The Scottish Wildlife Trust has set out a new approach to the way that Scotland’s uplands are managed, including financial incentives to encourage good environmental stewardship and regulations that achieve more sustainable management of deer and upland grouse moors.

The Trusts’ publication ‘Living Landscapes in the Scottish Uplands’ recommends ten key changes that are needed to reverse decline in important habitats and ensure that people continue to enjoy the benefits provided by these areas.The paper will be launched on Wednesday 6 July at an event held at the Scottish Wildlife Trust’s Woodhall Dean Reserve.

Almost half (44%) of Scotland’s land area is classed as upland. This area contains important habitats that are in a state of decline including peatland, heather moorland and native woodland.

Susan Davies, Director of Conservation at the Scottish Wildlife Trust said: “With a shift in public attitudes and changes in how we manage our land, we could transform Scotland’s uplands.  Sadly, our uplands are currently under threat on a landscape scale from a wide range of pressures including intensive land management, invasive species and poorly-targeted public subsidies. This is bad for wildlife, bad for communities and bad for Scotland.”

Indeed shocking statistics showing that between the 1940’s and 2007 more than 20% of heather moorland cover was lost, mainly due to afforestation and conversion to rough grassland. While these habitats have begun to recover in recent years, fens, swamps and marshes have continued to decline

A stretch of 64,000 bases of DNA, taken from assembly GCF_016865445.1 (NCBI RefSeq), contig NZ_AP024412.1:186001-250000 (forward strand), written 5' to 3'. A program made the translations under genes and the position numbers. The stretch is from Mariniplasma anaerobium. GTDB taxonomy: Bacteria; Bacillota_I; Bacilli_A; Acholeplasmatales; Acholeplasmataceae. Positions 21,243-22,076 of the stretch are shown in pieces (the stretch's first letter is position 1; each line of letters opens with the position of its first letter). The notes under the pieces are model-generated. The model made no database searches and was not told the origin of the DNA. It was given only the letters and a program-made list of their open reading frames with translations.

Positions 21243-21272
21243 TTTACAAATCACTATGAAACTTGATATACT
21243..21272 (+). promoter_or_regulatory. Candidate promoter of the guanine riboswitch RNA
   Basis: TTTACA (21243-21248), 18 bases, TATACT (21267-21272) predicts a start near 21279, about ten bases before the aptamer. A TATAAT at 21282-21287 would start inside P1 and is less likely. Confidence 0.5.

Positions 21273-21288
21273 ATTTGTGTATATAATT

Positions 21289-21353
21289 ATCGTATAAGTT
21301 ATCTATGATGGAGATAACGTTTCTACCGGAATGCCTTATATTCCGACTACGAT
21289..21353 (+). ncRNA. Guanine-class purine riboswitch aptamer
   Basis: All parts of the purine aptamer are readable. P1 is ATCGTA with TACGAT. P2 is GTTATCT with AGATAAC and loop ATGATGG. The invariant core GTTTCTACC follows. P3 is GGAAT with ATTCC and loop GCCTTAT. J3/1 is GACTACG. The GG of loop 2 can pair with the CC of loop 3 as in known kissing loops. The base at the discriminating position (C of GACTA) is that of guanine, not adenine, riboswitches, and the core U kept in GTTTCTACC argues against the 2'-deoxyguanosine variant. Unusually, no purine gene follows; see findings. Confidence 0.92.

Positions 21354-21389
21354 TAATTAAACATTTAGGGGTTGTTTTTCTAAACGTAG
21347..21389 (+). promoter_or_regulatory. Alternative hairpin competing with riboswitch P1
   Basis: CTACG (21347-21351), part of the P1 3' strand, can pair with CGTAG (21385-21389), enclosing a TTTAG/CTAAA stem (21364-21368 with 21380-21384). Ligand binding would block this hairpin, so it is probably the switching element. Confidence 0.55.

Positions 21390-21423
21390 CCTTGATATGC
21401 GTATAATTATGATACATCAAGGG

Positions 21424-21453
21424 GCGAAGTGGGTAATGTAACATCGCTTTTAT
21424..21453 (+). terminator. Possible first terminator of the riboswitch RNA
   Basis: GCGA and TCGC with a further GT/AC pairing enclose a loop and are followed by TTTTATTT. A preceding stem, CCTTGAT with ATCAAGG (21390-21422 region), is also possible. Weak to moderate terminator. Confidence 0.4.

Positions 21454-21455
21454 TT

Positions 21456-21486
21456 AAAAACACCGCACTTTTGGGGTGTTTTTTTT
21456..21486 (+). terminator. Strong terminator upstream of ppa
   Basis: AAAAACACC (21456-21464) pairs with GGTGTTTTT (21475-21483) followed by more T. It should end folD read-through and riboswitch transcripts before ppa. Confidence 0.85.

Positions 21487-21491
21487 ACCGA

Davies’ comments were echoed by Graeme Dey MSP, Convenor of the Scottish Parliament’s Environment, Climate Change and Land Reform Committee, who said “The worsening impacts and incidents of flooding, the debate around grouse shooting and the management of moorland to accommodate this, the pressing need to plant more trees, and the fact the deer management issue is coming to a head”.

He praised the Scottish Wildlife Trust’s blueprint saying, “Scottish Uplands represents a positive contribution to the discussions we need to have around the future role of our uplands.”

Ten key recommendations from the Trust’s publication, ‘Living Landscapes in the Scottish Uplands’:

  • Incorporation of Ecosystem Health Indicators (EHIs) and Natural Capital Valuations (NCVs) into all relevant policy instruments.
  • Integrated Land Management plans that secure sectoral cooperation to improve the condition, services and benefits from upland ecosystems.
  • Reform of subsidy regimes for upland sheep and cattle farming to encourage low stocking densities and ‘agro-forestry’ systems.
  • Financial incentives for low-impact forest management in commercial upland plantations.
  • Wildlife-rich networks in areas between protected sites that support natural dynamic processes and succession.
  • Regulation of deer and upland grouse moor management to encourage more sustainable management practices.
  • Re-introduction of lost species such as Eurasian beaver and Eurasian lynx.
  • New statutory guidelines to mitigate the impacts of energy developments